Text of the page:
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Jeremy Hunt
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OBR downgrades economic growth for the next two years


Whilst Jeremy Hunt may have counted up no fewer than 110 measures to “help the British economy” in his Autumn Statement, the Office of Budget Responsibility has downgraded its economic growth forecast for 2024 and 2025, from its previous expectations in the spring.

22nd Nov 2023
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The objective of the Office of Budget Responsibility's (OBR) economic report is to summarise the UK economy, taking into account the changes made to national spending and the tax system in the accompanying Autumn Statement.

In its latest report, the OBR said the economy has proved more resilient to the shocks of the pandemic and energy crisis than it had anticipated. However, it also added that inflation has also been more persistent and interest rates higher than expected back in March. 

Overall, the economy will grow by 0.6% this year. Back in March, the OBR predicted that the economy would shrink by 0.2% in 2023.

The OBR then expects the economy to grow by 0.7% in 2024. For 2025, GDP is forecast to rise by 1.4%, 1.9% in 2026, 2.0% in 2027, and 1.7% in 2028.

When the Spring Budget was announced, the OBR had said a return to growth was expected at a stronger 1.8% in 2024 and 2.5% 20 2025, meaning the expected growth for the next two years has been downgraded.

Inflation and living standards improving

Last week, the Office for National Statistics (ONS) confirmed that the rate of inflation has declined to 4.6%. The annual rate slowed in October from the 6.7% reported in September, largely due to the lower energy price cap imposed on households at the start of October.

"The easing in the annual inflation rates principally reflected negative contributions from three divisions, with large downward effects from housing and household services, food and non-alcoholic beverages, and restaurants and hotels," the ONS said.

The lower consumer prices index (CPI) inflation figure means the prime minister's pledge to halve the rate of inflation this year is currently met. 

Inflation peaked at 11.1% in October last year and whilst better than it was - it has yet to return to what the Bank of England (BoE) calls “normal levels” of around 2%. It says it expects inflation to continue to slow and reach 2% by the end of 2025. 

Living standards, as measured by real household disposable income (RHDI) per person, are forecast to be 3.5% lower in 2024-25 than their pre-pandemic levels.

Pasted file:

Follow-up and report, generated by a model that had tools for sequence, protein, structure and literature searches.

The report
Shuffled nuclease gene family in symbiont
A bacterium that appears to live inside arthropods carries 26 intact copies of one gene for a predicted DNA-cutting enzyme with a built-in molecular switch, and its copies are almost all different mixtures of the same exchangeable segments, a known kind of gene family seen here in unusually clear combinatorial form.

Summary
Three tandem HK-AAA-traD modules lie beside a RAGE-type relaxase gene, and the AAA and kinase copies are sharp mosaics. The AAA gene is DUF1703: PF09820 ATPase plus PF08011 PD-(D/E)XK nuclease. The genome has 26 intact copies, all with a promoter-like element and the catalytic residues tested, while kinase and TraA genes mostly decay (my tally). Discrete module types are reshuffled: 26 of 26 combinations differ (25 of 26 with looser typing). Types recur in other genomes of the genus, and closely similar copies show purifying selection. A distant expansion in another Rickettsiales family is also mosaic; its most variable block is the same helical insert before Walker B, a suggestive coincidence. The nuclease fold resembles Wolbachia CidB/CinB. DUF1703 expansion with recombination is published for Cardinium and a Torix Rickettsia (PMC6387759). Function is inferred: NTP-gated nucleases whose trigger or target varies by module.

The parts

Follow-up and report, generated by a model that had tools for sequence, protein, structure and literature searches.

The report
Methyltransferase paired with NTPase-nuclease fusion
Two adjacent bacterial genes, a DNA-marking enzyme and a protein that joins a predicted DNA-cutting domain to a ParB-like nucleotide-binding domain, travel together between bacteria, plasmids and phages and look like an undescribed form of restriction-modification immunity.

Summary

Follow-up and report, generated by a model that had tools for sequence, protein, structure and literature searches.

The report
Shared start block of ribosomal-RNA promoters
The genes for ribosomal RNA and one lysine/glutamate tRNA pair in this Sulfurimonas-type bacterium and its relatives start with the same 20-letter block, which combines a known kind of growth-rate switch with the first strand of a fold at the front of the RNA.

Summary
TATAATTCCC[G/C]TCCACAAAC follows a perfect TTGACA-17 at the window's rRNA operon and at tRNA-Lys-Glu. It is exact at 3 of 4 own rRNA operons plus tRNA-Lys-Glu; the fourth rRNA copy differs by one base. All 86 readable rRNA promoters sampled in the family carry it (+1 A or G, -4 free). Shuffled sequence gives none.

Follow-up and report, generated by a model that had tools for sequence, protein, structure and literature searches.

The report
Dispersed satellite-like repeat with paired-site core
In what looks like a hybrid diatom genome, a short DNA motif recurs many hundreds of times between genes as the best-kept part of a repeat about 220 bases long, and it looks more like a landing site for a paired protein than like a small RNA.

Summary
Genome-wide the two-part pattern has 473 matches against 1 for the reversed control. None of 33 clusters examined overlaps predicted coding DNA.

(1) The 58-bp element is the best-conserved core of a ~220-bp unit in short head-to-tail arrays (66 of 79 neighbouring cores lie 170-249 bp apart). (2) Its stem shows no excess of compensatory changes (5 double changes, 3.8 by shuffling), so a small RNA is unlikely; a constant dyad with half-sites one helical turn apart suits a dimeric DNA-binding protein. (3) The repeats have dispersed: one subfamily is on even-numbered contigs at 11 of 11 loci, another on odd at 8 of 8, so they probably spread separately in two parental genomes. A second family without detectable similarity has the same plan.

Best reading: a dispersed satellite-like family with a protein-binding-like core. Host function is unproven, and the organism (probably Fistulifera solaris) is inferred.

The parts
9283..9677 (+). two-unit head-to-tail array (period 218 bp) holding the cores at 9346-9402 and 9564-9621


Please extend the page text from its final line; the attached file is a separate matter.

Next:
While this is half the peak-to-trough fall the OBR expected in March, it still represents the largest reduction in real living standards since records began in the 1950s. 

RHDI per person recovers its pre-pandemic level in 2027-28 and the OBR estimates that the reduction in the rate of NICs announced in the Autumn Statement will boost real household incomes by around 0.5% at the end of the forecast.

Unemployment is now expected to peak at 4.6% in the second quarter of 2025, as GDP growth slows and spare capacity opens up. The ONS said that while labour market participation was falling, labour demand has also weakened, with vacancies falling from a peak of 1.3 million in May 2022, to around 960,000 in October 2023. 


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Public debt meets fiscal rules, just

On public debt, Hunt stuck to the two new fiscal rules he introduced a year ago, dictating that underlying debt must fall as a  percentage of GDP in five years’ time.

The OBR forecasts that underlying debt will be 91.6% of GDP next year, 92.7% in 2024-25, peaking at 93.2% in 2026-27, before declining in the final two years of the forecast to 92.8% in 2028-29.

£27bn fiscal windfall

According to the OBR, the Chancellor had financial headroom of around £27bn, almost all of which he spent in three areas: a 2% cut in NICs, permanent tax relief for business investment, and further welfare reforms, “leaving debt falling by a narrow margin in five years.”

The report continued: “Higher inflation boosts tax revenues but also welfare benefits while higher interest rates push up debt servicing. But because departmental spending is left largely unchanged, this delivers a net fiscal windfall of £27bn.”

Interest rates level off to 2029

The Bank of England held interest rates at 5.25% since the previous quarter of a percent rise in August, with the next interest rate announcement expected on 14 December.

The sharp fall in inflation does not yet mean the Bank of England is ready to start reducing interest rates, indeed, more rate rises could be on the cards, the governor of the BoE warned at an event organised by the National Farmers’ Union on Monday.

“Let me be very clear: it is far too early to be thinking about rate cuts,” Andrew Bailey said.

The OBR confirmed that markets expected the Bank Rate to peak at “only a little above” the current 5.25% in the final quarter of the year, before falling back to 4% by 2029. 

Visit our dedicated Autumn Statement 2023 hub here to find all related articles from our experts.

Replies (2)

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By FactChecker
22nd Nov 2023 16:59

"OBR downgrades economic growth for the next two years"
... could just as accurately have been written as:
"OBR previous guess for next 2 years' growth was over-optimistic"

Same story / different innuendo - but main takeaway is the unreliability of OBR 'projections'!

Thanks (2)
By carnmores
22nd Nov 2023 18:01

spot on have they ever got it right. No wonder Truss by passed them ;-)

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